Foundation preserving piece of 'Betsy history

By Allen LaMountain


   On May 7 at Elizabethton High School, the Cedar Grove Foundation unveiled a trophy case displaying some long, lost minor league baseball historical memorabilia.
   The Elizabethton Blue/Gray's were a semi-pro 'barnstorming' team that toiled in the old Negro Leagues, and foundation chairperson J.C. Augustus has led the way in uncovering this precious piece of history.
   "Our overall mission is to collect and preserve local history," said Augustus. "We are very proud to do this, and we have uncovered another jewel from Elizabethton's past.
   "It was a lot of fun to do the researching of this. Too often we let things from our past get forgotten, and we didn't want to let that happen with this piece of important history."
   On display are two Blue/Gray jerseys and several other items of note from that era.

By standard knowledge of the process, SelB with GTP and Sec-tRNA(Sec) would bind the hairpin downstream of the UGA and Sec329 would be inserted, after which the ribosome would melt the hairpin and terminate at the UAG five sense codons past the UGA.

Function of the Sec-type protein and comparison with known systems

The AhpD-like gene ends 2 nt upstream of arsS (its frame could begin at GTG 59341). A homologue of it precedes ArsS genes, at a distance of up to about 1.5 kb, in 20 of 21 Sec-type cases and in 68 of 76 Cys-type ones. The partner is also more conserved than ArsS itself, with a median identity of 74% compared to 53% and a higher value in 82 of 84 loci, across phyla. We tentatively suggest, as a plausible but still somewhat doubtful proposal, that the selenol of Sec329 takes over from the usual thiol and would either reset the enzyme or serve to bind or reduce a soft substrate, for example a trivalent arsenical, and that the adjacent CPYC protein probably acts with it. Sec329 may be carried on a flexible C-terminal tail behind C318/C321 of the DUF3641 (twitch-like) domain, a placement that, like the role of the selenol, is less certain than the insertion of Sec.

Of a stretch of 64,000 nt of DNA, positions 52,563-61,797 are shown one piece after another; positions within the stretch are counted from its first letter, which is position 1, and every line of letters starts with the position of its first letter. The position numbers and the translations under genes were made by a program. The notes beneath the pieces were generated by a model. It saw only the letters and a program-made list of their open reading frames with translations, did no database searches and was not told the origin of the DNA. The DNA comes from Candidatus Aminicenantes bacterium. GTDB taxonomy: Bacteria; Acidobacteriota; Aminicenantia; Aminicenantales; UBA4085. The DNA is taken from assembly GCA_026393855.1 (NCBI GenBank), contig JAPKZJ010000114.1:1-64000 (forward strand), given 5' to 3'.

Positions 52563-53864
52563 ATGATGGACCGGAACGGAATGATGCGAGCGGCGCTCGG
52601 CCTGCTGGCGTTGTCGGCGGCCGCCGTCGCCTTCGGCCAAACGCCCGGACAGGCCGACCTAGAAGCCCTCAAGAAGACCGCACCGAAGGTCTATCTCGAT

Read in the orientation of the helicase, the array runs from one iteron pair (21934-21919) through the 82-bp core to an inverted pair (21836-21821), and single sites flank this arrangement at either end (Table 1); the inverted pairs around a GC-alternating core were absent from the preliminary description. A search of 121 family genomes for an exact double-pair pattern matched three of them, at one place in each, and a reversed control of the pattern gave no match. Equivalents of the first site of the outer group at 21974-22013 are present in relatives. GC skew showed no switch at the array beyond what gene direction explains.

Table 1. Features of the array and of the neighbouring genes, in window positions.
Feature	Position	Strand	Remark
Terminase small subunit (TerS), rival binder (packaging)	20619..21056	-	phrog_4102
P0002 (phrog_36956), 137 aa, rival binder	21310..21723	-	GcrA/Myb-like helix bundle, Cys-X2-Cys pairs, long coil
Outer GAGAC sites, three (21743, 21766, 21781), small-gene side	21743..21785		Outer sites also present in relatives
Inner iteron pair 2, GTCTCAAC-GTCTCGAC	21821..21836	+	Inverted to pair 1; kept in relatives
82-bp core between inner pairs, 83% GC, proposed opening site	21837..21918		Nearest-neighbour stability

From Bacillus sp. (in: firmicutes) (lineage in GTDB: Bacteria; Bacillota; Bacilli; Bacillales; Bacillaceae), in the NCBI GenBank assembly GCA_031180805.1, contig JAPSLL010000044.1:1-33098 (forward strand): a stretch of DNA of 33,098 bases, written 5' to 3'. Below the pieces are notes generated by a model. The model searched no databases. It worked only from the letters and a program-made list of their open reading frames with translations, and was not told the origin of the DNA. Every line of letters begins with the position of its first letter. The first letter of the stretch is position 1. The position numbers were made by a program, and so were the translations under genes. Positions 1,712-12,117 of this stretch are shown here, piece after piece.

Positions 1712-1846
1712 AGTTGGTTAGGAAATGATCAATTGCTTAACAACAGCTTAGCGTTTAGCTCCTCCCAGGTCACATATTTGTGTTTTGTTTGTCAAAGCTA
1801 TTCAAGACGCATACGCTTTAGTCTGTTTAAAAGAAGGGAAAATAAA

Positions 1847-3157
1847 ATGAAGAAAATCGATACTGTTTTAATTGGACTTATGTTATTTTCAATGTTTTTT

Local resident James "Chick" Forney of Elizabethton played with the Blue/Grays from the 1940s through the sixties, and said of his playing days: "I played shortstop in those days, and we played for the fun of it and the love of the game. We would go over to Virginia sometimes and play and then they would come down here the next weekend.
   "It was a lot of fun, I enjoyed playing ball, and if I wasn't 78 years old I would still like to play."
   Johnson City resident Ted Hartsaw was also a member of the Blue/Gray's, and he said of the foundations' preservation efforts: "It's just wonderful. I hope it lets the young kids know what we went through to play ball, and gives them inspiration to pursue things that are difficult.
   "It wasn't an easy time, there was segregation, but I integrated a long time ago. I would play on a lot of white teams, and they treated me just fine. I had no trouble."
   Playing in those days was simply for the love of the game, as both Hartsaw and Forney said: "We didn't get paid, but we always got fed. We were just young kids playing ball and having a time of it."
   When asked how he felt some of his old teams would have fared against some of the minor league teams of the era, Hartsaw said: "We could have played with any of them. We had some guys that could really play ball, and we played together for a long time."